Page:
- Enrique Limón
- The state preservation board recommended the buildings near 3300 S. and 500 East be added to the Historic Registry of National Places.
The Granite High School buildings could be added to a national historic registry then reduced to a pile of rubble months later.
The Utah State Historic Preservation Review Board unanimously agreed on April 20 to recommend that the former Granite High—near 3300 S. 500 East—and several satellite buildings be recognized on the Historic Registry of National Places.
The recommendation will be forwarded to the U.S. Department of the Interior, which will determine in the next couple months whether it agrees with the suggested designation.
But developers are in the midst of acquiring from the Granite School District the 27-acre property where it's expected they will build homes and a supercenter store. A spokesperson for the district confirmed that asbestos abatement is slated to begin within a month and demolition around August.
A historic registry designation does not protect a building from demolition, as was emphasized by members of the preservation board. Before votes were cast, Granite High School alumni lined the boardroom walls as a show of support.
City ordinances often regulate historic buildings, but South Salt Lake—where Granite High is located—has no rules on the books.
Although a historical registry designation wouldn't legally spare the structures from a wrecking ball, Utah Arts Alliance Project Manager Merili Carter hopes it would provide some social protection.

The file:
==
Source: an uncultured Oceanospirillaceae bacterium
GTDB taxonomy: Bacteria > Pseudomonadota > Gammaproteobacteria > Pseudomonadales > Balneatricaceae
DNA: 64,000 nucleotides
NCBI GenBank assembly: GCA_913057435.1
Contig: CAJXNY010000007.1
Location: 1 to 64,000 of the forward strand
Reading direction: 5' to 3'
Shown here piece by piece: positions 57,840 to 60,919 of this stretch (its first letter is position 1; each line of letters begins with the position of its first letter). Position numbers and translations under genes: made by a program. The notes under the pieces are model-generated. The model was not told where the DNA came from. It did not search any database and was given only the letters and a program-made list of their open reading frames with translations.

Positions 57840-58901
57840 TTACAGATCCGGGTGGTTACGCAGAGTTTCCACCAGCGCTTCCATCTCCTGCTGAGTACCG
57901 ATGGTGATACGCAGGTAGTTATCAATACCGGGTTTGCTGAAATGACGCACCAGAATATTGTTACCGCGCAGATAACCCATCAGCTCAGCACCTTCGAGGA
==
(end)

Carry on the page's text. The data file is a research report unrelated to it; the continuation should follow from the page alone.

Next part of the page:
"People believe that once something is on a historical registry, it should not be torn down. I really hope there's some sort of collective action that comes forward and really expresses their power. Right now, I believe, most alumni and people in the area feel like they don't have real power," Carter, a class of '97 Granite High grad, says.
With the designation comes a 40 percent tax credit for renovation, she adds.
The district, however, has no desire to slow down the deal.
Matthew Anderson, who represented the district, stood at last week's meeting and asked the board to forward on a request to deny a historic registry designation.
"The school district has over 400,000 constituents," he said. "The alumni at Granite High, while valued, make up just a small portion of those constituents and only a portion of those alumni make up these valiant efforts, Herculean, to save the building."
The buildings, he explained, are plagued with asbestos and other hazardous material and had suffered deterioration over the years. Compounding the liability problems, the boarded-up buildings have attracted mischief, criminality and danger, he claimed.
"Inside the former high school, on the roof and throughout the campus there has been thefts, illicit activities and even an attempted suicide," he said, then added, "This is an untenable situation for the district to maintain this building and it's untenable to the community."
As a final point, Anderson noted that South Salt Lake residents had twice rejected bonds to buy and preserve the buildings, when the district was trying to figure out what to do with the structures that shuttered in 2009.
"During that time, only a few parties have expressed interest in acquiring the building, but none of them has provided a viable offer to purchase this property," he said. "Those who are seeking to save the building have no practical plan to do so."